Bush's approval rating is 29 percent so, yeah, I think it's safe to say we're suspicious. I just switched my phone service today from AT&T to Vonage ... some peon at AT&T refused to answer my question when I asked about turning over phone records to the Feds, said it was a matter of "national security." Yeah, my phone records are a matter of national security, sure. I don't accept that answer from the White House, I'm sure as hell not going to accept it from Ma Bell.

zwilliams07
May 13, 2006, 11:40 AM
I couldn't be happier. They can keep their propaganda tool.

@ Chicagdan: They still monitor calls if you call any of customers of the major telcos. Good thing I don't use the phone.

dr_lha
May 13, 2006, 11:43 AM
Presumably lilly-livered liberal Mac owners are not who they want in the army.


;)

ModestPenguin
May 13, 2006, 11:45 AM
Blast one less free game on the market....suddenly i feel less agitated and don't want to apply to west point for college....I'm free!:rolleyes: :rolleyes:

nubero
May 13, 2006, 11:58 AM
Bush's approval rating is 29 percent so, yeah, I think it's safe to say we're suspicious. I just switched my phone service today from AT&T to Vonage ... some peon at AT&T refused to answer my question when I asked about turning over phone records to the Feds, said it was a matter of "national security." Yeah, my phone records are a matter of national security, sure. I don't accept that answer from the White House, I'm sure as hell not going to accept it from Ma Bell.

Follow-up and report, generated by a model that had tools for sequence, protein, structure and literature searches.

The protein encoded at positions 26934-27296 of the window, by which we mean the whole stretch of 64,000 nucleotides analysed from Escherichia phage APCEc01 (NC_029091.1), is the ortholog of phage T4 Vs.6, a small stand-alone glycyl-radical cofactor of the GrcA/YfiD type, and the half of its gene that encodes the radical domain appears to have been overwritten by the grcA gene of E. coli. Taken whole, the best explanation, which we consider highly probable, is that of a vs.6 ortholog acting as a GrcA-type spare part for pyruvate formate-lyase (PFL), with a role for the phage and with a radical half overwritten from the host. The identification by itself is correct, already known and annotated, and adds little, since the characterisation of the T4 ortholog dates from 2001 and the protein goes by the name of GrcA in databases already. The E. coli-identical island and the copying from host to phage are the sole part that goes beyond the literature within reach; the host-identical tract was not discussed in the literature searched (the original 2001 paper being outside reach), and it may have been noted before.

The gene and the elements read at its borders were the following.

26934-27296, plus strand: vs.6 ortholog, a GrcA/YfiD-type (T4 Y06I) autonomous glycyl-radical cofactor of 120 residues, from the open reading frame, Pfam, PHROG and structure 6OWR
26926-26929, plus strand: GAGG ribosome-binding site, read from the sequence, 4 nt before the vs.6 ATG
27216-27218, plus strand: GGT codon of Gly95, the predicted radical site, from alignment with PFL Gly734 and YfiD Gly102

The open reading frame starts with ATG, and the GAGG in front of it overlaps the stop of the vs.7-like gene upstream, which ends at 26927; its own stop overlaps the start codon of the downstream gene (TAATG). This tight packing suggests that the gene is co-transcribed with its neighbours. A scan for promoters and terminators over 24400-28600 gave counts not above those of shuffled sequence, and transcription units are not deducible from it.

It's just so sad because I like that country and it's people a lot (apart from republicans but hey, who likes them eh?). We must not allow the press and our goverments to make us so paranoid about each others views. It is sad times when we have a thread about a game made by the u.s. army...

Sorry for being so awful pseudo-political today...

chicagdan
May 13, 2006, 12:00 PM
I couldn't be happier. They can keep their propaganda tool.

@ Chicagdan: They still monitor calls if you call any of customers of the major telcos. Good thing I don't use the phone.

Good point, but it's got to start somewhere. I'm not even that upset at the government asking for or using these records -- I'm mad at the way the telcos just turned the info over without making any effort to protect our rights. The least they could have done was litigate the matter so that the courts could weigh in on the legality of it all.

And if this information was so vital to national security, why didn't the feds take Qwest to court to get it once they said no?

Jay42
May 13, 2006, 12:10 PM
Well, I'm not exactly sure "Think Different" sits too well with the Army. :rolleyes:

kingtj
May 13, 2006, 12:22 PM